Although I'm still catching only a small number of moths each time I run the traps, a few new-for-the-year species are turning up, and the occasional new-for-the-garden species, too.
Monday night added Seraphim, Least Black Arches, Waved Umber, Common Pug and Epiphyas postvittana onto the year-list and a Powdered Quaker put in probably its final appearance of the year.
Wednesday night's haul added some fresh-looking moths: Green Carpet, Garden Carpet and Lime Hawk-moth; the latter putting in only its second appearance ever. Various social activities and domestic chores today meant that some of the moths spent the day in the fridge. Finishing the job at the end of the afternoon, I realised I also had a Pale Tussock and a moth which I'm pretty sure is my first Chamomile Shark. The moth had lost much of its "shark's fin", though the black lines do still run into the fringes: I've added a close-up of the fringes just to be sure.
|Chamomile Shark. Newton Longville 19 May 2021|
Compared to last year - when good weather coincided with lockdown - most of the species I have mentioned above seem to be appearing about two weeks later this year. Some of them (Least Black Arches, Waved Umber and Epiphyas postvittana) are up to five weeks later. But many species just haven't turned up at all so far.
In the first 19 days of May 2020, I caught 75 species; in the same period in 2021 I caught only 30 species with a similar amount of trapping effort. April 2021 was even worse compared to 2020, so overall I have had about half the number of species in 2021 compared to 2020 (52 vs. 99). The number of individual moths caught in April and May this year is about one third of last year's figure.
Newton Longville, Bucks
I promised my grandchildren yesterday that I would put their entomological birthday cards into the trap last night and - hey Presto! My first two hawk moths arrived. Very unusually in my experience, one was resting on the grass outside the trap, unmolested by birds although a conspicuous object to the human eye.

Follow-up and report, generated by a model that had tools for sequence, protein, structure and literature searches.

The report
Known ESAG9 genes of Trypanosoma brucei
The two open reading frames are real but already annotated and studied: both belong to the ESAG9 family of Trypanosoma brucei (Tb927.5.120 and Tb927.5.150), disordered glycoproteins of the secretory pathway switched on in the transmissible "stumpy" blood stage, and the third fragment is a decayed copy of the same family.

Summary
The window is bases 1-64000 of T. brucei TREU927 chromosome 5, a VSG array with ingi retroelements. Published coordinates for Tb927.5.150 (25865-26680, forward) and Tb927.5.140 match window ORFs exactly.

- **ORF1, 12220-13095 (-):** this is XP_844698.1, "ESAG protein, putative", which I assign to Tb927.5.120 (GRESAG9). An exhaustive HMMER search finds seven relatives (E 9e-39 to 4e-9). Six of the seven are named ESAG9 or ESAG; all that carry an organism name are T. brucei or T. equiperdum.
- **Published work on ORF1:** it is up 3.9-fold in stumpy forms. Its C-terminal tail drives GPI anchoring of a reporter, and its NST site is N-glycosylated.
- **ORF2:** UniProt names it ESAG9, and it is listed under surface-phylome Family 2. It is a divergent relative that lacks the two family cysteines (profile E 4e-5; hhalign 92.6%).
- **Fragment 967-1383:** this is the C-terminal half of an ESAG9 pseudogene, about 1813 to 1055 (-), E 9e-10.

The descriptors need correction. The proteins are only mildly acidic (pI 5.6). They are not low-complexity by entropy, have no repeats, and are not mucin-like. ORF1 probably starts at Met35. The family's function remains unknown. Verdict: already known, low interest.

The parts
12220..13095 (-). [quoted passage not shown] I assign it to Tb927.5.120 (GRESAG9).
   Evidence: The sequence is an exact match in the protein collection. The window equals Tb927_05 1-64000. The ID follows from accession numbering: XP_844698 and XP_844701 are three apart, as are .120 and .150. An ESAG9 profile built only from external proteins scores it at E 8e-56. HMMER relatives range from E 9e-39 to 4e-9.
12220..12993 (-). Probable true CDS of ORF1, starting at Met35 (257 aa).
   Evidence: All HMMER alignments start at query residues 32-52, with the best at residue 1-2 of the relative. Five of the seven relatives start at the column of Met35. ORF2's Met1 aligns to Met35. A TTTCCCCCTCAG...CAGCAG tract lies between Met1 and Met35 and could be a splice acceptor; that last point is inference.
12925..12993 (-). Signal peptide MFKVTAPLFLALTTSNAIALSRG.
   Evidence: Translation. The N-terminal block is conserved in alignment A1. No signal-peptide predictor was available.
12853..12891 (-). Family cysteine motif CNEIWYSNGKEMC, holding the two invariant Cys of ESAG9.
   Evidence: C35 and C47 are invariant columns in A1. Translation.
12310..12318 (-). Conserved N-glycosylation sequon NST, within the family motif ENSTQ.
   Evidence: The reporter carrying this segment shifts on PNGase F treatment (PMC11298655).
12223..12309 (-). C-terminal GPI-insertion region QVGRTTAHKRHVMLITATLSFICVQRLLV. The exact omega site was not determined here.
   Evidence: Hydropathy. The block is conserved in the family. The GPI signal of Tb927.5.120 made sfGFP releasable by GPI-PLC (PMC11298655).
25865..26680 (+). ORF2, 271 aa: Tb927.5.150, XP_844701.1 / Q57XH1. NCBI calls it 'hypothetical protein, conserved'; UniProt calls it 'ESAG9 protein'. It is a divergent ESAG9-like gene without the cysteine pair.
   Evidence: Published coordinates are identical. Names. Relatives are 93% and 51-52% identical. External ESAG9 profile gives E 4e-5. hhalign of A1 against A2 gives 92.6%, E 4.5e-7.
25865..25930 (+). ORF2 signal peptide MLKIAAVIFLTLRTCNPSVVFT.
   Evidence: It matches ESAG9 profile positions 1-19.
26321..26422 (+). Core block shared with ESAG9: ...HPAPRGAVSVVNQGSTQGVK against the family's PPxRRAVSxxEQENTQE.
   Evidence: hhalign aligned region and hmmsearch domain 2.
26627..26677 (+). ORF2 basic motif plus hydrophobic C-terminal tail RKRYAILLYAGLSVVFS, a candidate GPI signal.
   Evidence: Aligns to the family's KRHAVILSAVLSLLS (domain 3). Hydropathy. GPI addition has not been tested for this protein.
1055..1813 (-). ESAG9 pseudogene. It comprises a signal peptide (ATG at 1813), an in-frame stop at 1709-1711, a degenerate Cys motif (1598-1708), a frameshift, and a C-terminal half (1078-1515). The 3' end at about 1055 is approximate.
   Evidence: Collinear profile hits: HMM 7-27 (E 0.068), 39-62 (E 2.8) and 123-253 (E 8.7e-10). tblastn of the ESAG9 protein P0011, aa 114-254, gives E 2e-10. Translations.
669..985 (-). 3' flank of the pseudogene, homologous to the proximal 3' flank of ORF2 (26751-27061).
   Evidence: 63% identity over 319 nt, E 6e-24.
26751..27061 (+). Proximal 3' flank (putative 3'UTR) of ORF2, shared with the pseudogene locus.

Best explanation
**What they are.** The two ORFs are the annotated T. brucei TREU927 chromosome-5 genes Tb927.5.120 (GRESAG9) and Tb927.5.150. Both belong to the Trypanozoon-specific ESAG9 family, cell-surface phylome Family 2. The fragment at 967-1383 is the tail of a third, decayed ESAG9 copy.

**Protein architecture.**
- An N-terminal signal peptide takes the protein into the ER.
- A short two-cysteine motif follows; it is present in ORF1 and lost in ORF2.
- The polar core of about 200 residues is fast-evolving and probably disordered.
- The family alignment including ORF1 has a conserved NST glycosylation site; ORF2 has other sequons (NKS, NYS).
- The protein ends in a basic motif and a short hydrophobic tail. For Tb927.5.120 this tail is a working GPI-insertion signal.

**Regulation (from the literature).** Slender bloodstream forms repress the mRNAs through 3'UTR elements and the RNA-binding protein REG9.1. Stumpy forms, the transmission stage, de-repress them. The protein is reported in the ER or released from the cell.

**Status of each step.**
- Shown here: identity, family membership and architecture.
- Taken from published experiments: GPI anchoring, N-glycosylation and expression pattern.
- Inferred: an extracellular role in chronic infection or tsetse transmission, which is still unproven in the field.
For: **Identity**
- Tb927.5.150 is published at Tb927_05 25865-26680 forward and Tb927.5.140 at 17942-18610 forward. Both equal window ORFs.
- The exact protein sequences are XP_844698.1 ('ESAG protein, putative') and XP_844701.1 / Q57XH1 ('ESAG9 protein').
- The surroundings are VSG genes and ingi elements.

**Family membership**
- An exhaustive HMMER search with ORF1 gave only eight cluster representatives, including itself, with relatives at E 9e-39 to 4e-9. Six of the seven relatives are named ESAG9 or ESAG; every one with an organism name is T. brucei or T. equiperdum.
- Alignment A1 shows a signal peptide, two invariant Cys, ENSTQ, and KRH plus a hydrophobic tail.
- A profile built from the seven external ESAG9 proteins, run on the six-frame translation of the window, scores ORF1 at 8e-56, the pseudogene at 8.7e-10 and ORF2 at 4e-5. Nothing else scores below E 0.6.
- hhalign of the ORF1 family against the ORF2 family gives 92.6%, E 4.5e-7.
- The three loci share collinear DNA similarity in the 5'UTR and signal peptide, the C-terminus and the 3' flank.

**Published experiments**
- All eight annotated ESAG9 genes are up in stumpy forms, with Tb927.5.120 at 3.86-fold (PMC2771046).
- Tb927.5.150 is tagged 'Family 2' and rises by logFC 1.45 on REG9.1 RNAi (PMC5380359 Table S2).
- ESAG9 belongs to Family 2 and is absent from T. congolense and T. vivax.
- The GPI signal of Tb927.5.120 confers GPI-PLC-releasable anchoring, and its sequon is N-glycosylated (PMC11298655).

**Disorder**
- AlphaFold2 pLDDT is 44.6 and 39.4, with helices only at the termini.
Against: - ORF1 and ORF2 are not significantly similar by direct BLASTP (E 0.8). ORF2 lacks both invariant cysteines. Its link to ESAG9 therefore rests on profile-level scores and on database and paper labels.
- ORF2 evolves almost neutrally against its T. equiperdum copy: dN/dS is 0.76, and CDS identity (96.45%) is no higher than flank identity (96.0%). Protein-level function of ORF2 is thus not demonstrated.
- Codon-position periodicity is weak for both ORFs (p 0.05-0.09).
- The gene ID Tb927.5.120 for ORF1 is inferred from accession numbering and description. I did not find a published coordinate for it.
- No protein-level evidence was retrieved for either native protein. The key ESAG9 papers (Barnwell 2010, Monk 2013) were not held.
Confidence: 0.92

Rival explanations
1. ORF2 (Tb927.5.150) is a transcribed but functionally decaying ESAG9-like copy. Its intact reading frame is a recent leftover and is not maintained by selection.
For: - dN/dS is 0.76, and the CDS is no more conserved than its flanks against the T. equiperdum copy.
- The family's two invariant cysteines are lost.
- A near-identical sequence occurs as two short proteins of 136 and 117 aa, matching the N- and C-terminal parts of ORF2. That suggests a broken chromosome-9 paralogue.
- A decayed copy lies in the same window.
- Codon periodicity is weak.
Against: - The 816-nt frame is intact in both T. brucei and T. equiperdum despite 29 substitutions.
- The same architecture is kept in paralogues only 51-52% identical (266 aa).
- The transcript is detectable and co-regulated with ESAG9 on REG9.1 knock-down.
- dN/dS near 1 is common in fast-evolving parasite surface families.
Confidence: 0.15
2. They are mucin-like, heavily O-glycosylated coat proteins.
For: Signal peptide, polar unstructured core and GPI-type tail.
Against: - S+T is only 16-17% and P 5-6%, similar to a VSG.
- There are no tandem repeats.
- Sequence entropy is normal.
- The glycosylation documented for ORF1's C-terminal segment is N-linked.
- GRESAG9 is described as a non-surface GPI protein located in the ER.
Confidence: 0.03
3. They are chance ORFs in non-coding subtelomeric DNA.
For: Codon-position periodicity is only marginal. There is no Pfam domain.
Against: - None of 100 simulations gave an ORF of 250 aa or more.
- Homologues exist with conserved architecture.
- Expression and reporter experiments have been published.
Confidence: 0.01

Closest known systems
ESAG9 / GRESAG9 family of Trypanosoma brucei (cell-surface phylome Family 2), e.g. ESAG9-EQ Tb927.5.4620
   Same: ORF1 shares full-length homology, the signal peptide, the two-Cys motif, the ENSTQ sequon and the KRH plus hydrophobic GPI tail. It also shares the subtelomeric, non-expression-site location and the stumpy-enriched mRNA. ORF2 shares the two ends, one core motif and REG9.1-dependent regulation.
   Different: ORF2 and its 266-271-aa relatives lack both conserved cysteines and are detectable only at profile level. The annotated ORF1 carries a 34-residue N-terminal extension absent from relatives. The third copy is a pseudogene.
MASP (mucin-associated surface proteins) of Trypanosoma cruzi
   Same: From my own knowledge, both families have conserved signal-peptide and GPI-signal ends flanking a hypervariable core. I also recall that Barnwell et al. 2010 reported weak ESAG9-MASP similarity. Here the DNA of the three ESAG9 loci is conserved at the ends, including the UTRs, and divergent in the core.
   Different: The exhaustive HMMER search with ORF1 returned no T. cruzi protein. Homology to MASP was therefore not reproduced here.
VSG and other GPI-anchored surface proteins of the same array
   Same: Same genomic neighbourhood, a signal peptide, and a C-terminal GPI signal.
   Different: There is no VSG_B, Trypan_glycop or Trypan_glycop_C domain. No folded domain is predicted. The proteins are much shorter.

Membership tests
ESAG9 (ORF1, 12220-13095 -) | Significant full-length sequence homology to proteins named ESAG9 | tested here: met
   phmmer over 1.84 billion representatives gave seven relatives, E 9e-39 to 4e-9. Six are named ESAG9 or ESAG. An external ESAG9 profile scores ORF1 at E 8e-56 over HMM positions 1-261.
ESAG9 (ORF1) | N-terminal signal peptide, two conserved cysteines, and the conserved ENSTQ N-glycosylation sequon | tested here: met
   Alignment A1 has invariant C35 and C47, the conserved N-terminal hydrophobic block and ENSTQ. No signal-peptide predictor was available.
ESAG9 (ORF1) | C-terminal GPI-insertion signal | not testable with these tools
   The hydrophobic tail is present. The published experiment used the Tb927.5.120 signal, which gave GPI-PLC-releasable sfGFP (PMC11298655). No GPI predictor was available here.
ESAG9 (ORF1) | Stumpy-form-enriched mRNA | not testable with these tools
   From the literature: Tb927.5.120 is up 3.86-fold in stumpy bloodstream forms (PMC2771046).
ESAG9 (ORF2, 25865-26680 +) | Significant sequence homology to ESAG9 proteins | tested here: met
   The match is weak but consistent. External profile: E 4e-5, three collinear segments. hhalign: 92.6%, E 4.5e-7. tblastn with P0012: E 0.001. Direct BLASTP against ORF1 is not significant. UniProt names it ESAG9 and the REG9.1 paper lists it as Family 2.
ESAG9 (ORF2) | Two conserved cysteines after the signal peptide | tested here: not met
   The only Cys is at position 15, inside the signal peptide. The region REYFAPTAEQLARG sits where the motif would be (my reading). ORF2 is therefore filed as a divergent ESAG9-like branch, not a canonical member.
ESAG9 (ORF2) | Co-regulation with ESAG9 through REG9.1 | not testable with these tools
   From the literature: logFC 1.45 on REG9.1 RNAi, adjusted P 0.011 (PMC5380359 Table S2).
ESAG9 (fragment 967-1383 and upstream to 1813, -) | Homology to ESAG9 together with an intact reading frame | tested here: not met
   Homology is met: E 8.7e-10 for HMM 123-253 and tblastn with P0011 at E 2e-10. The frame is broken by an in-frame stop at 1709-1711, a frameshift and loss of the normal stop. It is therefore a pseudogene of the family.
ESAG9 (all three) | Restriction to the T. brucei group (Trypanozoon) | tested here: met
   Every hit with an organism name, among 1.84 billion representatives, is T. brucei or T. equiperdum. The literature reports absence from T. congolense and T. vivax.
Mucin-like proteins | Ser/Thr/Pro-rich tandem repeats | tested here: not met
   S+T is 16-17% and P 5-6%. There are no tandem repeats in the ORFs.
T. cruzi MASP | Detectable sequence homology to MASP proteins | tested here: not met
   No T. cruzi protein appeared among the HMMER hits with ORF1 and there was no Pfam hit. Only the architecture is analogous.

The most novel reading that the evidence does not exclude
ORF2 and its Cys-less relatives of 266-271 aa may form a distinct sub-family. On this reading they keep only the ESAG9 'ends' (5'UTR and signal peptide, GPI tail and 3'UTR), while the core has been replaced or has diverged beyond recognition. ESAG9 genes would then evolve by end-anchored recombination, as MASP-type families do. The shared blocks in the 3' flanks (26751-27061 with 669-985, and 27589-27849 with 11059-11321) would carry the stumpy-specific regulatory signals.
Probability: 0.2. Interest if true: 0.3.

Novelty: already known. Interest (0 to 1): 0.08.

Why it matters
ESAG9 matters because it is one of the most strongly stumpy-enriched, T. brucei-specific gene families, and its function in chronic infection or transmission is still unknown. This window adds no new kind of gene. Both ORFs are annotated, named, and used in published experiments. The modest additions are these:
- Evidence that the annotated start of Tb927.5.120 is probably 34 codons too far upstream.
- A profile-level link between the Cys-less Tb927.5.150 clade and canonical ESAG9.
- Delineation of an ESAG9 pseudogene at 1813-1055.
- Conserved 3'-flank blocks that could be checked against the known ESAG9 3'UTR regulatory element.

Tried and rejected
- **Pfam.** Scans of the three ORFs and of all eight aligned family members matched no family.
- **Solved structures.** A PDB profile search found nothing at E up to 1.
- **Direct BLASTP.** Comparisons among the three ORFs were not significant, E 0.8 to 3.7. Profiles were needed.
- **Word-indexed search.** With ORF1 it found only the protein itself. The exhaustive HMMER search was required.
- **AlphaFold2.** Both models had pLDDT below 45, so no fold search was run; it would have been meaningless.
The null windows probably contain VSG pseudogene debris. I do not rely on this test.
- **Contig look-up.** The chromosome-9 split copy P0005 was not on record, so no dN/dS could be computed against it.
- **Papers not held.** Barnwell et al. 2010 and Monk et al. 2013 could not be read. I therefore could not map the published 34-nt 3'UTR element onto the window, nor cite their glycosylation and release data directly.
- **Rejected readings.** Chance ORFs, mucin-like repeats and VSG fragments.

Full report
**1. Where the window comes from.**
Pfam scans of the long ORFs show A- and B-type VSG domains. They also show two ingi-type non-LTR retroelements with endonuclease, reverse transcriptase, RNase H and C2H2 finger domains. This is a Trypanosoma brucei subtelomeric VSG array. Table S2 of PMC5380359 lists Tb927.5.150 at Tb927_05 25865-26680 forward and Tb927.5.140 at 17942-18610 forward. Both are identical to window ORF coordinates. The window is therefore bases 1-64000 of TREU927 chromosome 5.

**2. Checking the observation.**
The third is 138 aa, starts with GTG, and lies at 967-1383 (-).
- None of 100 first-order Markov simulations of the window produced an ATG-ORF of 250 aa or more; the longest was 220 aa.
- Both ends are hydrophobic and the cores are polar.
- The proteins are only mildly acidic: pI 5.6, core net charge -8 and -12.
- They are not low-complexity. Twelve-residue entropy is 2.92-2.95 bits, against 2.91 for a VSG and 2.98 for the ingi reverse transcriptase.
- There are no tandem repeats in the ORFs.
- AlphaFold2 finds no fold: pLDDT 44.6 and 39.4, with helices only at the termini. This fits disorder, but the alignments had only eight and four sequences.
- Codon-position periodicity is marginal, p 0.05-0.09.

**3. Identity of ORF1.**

This belated debut contrasts with last year when I had recorded all my regular hawks except the Privet and Hummingbird by 21 May - that's Poplar, Eyed, Lime, Pine, Elephant and Small Elephant - and the first Poplar came on the night of 25 April.
To find a later debut than this year's, I have to go back to 2013, our first Summer here after moving from Leeds, when the first hawk, also a Poplar, arrived on 22 May. Since then, the dates have been (from 2014) May 2, 1, 12, 6, 7 and 10.
Looking at other records, I get the impression that last year was the exception, but arrivals here do continue to be very slow. Apart from the hawks, there were only three Muslin moths and a Rustic Shoulder-knot in last night's trap. Martin Wainwright, Thrupp, Oxon
It's come to something when a major cause for excitement in a catch is your first Heart and Dart of the year. It's been slooow for weeks in my garden in Wolvercote, Oxfordshire; but there are a few signs of life now, including the individual below. The Lychnis/Campion pairing I've always had trouble with; I'm inclined to call this one a Lychnis (kidney and oval separate? no hint of marbling? outer cross-line looks about right?), but I'm very willing to be corrected.
A very small catch at the museum last night; mainly Green Carpets, but a couple of moths with impressive quiffs,
a Mullein, which is new to me in the adult form, and this one which I'm not 100% sure about, if someone could confirm or deny?
Dave Morris, Chalfont St Giles